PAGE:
I can't explain it but you can Google images of the device.

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HiloHairy

Does this change the recuperation time or is it still likely to be months?

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msraye777
msraye777
in reply to HiloHairy

Do you mean the 3 month blanking period? If so, that is still the same. But I will say that so far I haven't had any of the after effects that I was expecting. I've only felt fatigue if I do too much activity.

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HiloHairy
HiloHairy
in reply to msraye777

What I'm referring to by months of recuperation is that most of the people on the forum talk about needing to take it very easy for several months, sometimes up to a year.

I've been holding off getting an ablation because fitness has become an important part of my life. I work out strenuously five mornings a week.

I'm 69 but in part from fear from my AFib I lost 80 lbs, reshaped my body to be lean and muscular and seriously raised my energy level. If I have to lay around for two or three months or more I'm afraid I'll lose all the gains I've made by learning to eat healthy and getting active.

At present I get an A-fib event every five or six weeks and it certainly kills the day but the rest of the time I'm still me.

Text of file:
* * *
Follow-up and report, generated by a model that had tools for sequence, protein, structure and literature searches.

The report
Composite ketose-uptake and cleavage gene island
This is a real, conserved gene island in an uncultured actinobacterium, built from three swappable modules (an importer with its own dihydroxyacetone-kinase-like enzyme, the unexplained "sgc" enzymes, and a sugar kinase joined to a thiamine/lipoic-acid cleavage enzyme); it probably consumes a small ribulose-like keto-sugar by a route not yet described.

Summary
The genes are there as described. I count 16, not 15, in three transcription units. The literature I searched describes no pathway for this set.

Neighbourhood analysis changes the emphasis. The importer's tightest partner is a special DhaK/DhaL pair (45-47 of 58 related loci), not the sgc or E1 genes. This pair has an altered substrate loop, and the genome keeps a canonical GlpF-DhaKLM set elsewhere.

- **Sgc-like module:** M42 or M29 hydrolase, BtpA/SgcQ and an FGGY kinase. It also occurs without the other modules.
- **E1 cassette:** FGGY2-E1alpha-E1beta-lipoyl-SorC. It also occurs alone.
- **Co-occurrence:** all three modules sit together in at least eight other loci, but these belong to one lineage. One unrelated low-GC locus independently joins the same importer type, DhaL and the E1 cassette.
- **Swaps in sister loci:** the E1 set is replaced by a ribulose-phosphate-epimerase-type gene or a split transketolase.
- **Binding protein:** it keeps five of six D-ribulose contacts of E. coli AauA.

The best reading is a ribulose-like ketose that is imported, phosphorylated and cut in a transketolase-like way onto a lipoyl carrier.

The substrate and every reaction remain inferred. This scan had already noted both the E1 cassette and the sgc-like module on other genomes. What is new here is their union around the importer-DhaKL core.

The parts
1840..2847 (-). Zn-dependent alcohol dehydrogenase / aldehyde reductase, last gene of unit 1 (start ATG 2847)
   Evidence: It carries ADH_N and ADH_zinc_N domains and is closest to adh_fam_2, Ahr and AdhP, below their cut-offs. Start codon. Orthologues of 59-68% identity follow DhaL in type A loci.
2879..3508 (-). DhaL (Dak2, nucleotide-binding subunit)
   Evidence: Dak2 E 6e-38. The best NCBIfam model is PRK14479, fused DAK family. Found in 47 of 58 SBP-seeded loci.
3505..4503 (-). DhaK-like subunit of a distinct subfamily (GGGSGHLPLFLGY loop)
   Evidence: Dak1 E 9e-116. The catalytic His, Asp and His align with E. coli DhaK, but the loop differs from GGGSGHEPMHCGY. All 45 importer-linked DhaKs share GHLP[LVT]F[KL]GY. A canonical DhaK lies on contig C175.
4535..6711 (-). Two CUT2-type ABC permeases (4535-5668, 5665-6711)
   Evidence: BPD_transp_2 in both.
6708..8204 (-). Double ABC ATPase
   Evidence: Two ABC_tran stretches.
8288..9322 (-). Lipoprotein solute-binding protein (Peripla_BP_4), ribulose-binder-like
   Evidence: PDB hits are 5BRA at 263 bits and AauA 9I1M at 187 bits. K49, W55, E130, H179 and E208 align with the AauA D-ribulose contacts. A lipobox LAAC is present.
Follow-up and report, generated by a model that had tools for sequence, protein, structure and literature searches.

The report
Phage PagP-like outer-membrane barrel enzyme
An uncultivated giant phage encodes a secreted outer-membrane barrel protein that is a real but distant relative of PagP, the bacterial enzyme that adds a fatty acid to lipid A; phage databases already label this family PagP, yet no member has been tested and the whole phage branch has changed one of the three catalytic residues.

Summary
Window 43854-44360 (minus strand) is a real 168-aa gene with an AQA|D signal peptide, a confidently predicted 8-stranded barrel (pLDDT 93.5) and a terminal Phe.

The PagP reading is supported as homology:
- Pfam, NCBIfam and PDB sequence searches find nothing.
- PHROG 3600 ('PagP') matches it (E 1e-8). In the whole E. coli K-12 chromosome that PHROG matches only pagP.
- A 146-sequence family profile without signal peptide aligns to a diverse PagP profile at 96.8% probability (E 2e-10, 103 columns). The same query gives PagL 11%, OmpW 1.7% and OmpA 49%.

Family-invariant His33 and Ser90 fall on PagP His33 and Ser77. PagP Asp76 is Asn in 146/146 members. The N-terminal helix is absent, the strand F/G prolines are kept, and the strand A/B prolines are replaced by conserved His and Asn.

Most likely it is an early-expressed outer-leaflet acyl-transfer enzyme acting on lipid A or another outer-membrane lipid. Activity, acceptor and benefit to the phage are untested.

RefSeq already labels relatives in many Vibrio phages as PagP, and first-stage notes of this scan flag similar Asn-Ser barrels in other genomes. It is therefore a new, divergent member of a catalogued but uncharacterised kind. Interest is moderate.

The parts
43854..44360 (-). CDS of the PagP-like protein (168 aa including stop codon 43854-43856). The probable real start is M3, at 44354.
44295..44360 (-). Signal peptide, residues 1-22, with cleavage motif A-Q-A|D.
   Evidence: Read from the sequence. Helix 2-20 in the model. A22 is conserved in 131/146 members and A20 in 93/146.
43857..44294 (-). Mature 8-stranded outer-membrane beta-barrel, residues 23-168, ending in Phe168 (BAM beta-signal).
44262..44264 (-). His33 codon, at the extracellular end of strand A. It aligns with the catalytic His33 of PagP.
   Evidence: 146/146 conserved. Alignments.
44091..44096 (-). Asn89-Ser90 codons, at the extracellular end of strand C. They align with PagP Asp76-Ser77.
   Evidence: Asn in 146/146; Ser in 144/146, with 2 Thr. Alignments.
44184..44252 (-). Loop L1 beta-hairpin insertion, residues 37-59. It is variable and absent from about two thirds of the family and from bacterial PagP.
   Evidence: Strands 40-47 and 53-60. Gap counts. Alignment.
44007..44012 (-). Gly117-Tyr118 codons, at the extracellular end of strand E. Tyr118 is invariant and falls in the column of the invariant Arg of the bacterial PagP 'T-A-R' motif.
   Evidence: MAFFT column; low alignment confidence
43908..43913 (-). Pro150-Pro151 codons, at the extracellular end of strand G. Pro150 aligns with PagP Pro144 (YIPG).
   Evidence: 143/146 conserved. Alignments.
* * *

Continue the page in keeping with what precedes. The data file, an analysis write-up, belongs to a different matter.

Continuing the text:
For the above reason I'm wondering; what do you mean by "too much activity?"

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msraye777
msraye777
in reply to HiloHairy

You definitely won’t have to lay around. I’m not physically active at all. I am a 35 year old mother of 2 young kids. You won’t be doing heavy lifting for a few weeks. But you can definitely do cardio. When I said too much activity I mean taking a few flights of stairs at work makes me tired more easily than before. It doesn’t mean I don’t do it. I live in the DC area with terrible traffic and work a high stress job. And for the most part I am fine. One day not even a week after surgery, I decided to declutter and redecorate my girls’ room. My body eventually told me that was enough and the next day I took it easy.

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HiloHairy
HiloHairy
in reply to msraye777

It sounds like you're able to be much more active then I'm used to reading about from people who had ablations even three or four months before. Maybe this new technique is easier on the body in general?

How does one volunteer?

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msraye777
msraye777
in reply to HiloHairy

Where are you located? It would come down to finding a doctor that is authorized to perform them. I lucked out because my surgeon asked me to do it.

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Bambi65

why stitch, or stitches?

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msraye777
msraye777
in reply to Bambi65

Something about the incision site being larger because the balloon is larger than the cryo balloon.